TWENTYMAN: Lions won't leave any stone unturned in search for new coach

Posted Jan 2, 2014

Names beginning to emerge in Lions search for a new head coach

The Detroit Lions won't leave any stone unturned in their search for new head coach.

Lions team president Tom Lewand and general manager Martin Mayhew have a very defined profile of the characteristics they want their next head coach to possess and plan to search near and far for him.

As soon as the team relieved Jim Schwartz of his coaching duties on Monday, the search was on.

"This is a very attractive opportunity," Lewand said Monday. "I can verify that by the number of calls we have already gotten since the announcement was made (of Schwartz's firing).

"We will go through the process. I think going through a thorough process is extremely important. That doesn't necessarily mean that has to be a long process, but it has to be a thorough process. We will go through a process of interviews and research to make sure that we find the best fit for the Detroit Lions."

Jim CaldwellAP Images

Through the early part of that process some names have already emerged as candidates the Lions would like to either know more about or potentially interview. Some of those interviews could take place in Allen Park this week.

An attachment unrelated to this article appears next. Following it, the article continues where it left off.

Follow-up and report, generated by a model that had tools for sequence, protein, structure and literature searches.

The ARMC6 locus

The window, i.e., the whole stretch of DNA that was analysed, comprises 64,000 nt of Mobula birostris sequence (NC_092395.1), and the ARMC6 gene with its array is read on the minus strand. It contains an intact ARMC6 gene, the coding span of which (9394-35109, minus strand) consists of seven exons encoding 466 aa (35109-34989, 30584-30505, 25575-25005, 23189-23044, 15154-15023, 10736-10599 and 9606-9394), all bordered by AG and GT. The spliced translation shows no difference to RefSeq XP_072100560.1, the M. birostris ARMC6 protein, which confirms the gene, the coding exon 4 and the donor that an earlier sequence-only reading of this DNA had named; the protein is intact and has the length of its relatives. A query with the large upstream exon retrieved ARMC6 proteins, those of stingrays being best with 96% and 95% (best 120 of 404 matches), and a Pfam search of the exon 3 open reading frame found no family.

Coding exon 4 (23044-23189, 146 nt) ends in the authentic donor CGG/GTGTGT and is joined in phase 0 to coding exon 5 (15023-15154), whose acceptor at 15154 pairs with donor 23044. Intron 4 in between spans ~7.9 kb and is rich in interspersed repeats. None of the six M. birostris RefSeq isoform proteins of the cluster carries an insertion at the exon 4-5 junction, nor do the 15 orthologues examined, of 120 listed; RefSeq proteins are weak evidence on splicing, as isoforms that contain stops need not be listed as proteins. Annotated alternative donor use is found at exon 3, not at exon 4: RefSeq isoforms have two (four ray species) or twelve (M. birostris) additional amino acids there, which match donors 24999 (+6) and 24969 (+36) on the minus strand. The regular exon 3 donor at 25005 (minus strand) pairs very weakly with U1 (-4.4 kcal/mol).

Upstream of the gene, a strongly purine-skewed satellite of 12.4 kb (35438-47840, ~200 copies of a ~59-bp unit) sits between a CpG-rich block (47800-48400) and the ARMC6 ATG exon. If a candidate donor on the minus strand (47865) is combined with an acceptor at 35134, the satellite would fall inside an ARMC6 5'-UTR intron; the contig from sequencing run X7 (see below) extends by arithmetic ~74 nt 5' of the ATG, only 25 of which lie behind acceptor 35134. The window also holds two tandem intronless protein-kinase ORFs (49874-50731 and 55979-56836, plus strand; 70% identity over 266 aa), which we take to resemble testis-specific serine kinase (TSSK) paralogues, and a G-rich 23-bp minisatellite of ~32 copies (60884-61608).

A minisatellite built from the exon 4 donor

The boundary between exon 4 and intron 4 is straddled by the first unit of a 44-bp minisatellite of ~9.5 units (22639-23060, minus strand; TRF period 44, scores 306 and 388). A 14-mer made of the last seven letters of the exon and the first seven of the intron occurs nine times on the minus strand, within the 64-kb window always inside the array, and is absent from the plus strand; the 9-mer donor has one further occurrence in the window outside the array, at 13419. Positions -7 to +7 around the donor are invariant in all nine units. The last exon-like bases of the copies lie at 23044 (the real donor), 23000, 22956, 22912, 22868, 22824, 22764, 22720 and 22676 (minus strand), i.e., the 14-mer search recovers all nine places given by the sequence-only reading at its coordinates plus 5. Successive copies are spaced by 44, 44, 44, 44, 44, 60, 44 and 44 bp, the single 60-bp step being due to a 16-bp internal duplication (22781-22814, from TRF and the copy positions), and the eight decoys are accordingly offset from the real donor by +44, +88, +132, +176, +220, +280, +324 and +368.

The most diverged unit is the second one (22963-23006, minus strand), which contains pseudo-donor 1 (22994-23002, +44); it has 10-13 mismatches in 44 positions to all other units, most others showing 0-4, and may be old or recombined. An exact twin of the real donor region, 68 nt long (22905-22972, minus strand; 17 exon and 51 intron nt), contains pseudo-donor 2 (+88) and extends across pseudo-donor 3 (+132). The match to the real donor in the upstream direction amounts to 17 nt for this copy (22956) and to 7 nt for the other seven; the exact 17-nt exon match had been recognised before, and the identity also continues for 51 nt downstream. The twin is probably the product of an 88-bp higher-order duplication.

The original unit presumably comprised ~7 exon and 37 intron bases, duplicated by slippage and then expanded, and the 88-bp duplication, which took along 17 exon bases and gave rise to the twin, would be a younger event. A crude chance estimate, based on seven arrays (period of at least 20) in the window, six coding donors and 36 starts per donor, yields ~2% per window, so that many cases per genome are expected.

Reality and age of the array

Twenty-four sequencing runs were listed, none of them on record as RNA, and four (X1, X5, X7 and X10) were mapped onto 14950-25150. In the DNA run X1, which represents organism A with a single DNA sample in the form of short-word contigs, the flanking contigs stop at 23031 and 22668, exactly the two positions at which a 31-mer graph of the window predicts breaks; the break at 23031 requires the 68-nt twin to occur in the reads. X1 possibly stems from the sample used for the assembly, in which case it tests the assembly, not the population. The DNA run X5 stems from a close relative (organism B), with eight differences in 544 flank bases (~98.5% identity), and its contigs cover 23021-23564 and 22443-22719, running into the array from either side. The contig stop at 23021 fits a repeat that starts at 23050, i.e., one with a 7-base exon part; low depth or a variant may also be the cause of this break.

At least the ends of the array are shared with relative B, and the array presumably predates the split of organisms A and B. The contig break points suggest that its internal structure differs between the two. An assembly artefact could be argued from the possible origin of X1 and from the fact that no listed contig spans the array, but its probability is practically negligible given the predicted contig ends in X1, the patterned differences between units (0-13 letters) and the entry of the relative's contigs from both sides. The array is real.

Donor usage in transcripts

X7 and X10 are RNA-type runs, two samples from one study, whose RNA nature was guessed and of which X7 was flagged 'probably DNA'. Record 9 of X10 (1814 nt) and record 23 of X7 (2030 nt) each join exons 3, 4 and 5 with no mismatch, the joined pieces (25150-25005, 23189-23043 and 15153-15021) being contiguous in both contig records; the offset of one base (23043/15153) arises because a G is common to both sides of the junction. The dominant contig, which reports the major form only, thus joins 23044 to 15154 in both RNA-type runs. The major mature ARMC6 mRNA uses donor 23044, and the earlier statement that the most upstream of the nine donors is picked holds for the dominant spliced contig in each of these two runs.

That does not include a number of assistant coaches currently on wild card playoff teams, who can't interview until after this weekend's games. San Diego offensive coordinator Ken Whisenhunt could be among those names if he's granted permission by the Chargers to do so.

A couple other names that could be among the list is Cincinnati defensive coordinator Mike Zimmer and San Francisco offensive coordinator Greg Roman.

Assistants with playoff teams who have secured a first-round bye can interview only up until the conclusion of the wild card games.

Other names that have surfaced in the search is Baltimore offensive coordinator Jim Caldwell and former Chicago head coach Lovie Smith. Smith, however, agreed to a contract with the Tampa Bay Buccaneers on Wednesday.

Caldwell, 58, took over for Tony Dungy in Indianapolis when he stepped down after the 2008 season. Before he took over the top spot, Caldwell worked closely with Peyton Manning as his quarterbacks coach.

Caldwell guided the Colts to a 14-2 record and a Super Bowl appearance in his first year as head coach. He went 10-6 the following year and then 2-14 in 2011, when Manning missed the season with a neck injury. He was let go after that season.

There will be at least a half dozen more names that surface over the coming days as both Lewand and Mayhew continue to search for the right man to take this roster over the hump.

"We will work exhaustively until we have a slate of candidates to bring in and narrow that down to ultimately the one who fits us," Lewand said. "There was another question about what the right profile is and the characteristics, it has to be the right coach for the Detroit Lions at this point in time with our roster the way it is.

"It's the right coach that fits our organization and that can help make our organization better and get it to those goals that our ownership has for us.”